Augustine explains that enhanced technologies have led to starches with unique structures, textures and processing features. "We have products that will set to a gel without heat, which gives you a way to create short texture without having to cook a product," he says. "Being able to add a powdered starch without other diluents and being able to stir an instant-starch in with a fork are novel approaches as well."
Starch as fiber
Resistant starch (RS) cannot be digested by the small intestine and acts much like dietary fiber in the human digestive system. Resistant starches are categorized as types I, II, III and IV. Type I is physically bound within plant material and is inaccessible to the human body. Partially milled grains, seeds and legumes contain Type I RS. Type II is native granular starch found in foods such as bananas and raw potatoes. Type III is cooked, cooled and retrograded starch, some of which is resistant. Cooked and cooled potatoes contain retrograded RS, as do flaked or extruded ready-to-eat cereals. Starch that is rendered resistant via heat or chemical modification is referred to as Type IV resistant starch.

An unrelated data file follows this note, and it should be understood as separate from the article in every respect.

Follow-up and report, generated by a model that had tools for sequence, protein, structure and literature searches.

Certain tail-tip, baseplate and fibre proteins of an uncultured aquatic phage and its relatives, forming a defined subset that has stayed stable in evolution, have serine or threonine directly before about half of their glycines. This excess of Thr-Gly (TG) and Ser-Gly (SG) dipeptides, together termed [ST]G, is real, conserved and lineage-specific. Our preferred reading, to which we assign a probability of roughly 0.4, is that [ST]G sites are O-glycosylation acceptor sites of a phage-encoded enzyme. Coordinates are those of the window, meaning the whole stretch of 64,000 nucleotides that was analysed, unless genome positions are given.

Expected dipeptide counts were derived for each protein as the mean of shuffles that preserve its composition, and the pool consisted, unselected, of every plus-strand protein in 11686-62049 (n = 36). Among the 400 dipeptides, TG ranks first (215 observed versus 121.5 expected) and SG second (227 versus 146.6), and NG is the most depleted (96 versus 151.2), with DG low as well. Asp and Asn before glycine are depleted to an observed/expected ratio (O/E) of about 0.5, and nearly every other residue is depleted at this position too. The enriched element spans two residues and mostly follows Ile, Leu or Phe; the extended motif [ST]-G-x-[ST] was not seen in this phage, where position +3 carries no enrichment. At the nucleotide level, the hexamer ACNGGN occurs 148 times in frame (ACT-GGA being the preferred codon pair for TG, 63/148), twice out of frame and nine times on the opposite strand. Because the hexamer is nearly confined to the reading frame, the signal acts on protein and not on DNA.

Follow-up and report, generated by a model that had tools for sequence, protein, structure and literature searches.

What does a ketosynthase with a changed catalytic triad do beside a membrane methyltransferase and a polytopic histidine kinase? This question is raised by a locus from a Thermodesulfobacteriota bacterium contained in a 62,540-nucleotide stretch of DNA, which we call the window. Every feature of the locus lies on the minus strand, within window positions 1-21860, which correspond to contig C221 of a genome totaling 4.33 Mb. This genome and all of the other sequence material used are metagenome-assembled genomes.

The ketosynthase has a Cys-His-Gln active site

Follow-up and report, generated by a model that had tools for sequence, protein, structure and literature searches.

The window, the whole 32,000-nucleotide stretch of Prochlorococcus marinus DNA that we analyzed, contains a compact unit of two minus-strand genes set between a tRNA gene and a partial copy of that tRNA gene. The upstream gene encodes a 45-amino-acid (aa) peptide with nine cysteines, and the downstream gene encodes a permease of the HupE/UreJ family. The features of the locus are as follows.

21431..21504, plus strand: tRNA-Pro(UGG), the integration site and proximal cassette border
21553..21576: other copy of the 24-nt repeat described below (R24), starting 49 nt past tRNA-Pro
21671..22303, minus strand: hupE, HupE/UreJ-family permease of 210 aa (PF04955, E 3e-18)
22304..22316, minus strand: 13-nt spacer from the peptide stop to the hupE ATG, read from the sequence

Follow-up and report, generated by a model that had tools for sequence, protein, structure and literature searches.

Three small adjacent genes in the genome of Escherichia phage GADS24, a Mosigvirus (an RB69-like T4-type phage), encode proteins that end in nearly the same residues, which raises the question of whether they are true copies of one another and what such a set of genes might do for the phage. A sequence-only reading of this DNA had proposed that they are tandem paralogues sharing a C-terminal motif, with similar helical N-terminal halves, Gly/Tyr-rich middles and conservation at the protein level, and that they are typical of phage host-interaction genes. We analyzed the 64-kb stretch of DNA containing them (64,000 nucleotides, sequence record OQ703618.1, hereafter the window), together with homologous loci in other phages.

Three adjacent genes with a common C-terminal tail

The main advantage that resistant starch has over dietary fiber is that it can be added to baked goods and other products without causing off-flavors, limiting expansion, greatly increasing viscosity or otherwise wreaking havoc during processing. RS does not absorb much water and therefore can be used in low- and intermediate-moisture foods like cookies and crackers. Commercial forms are available that contain 60% or more RS.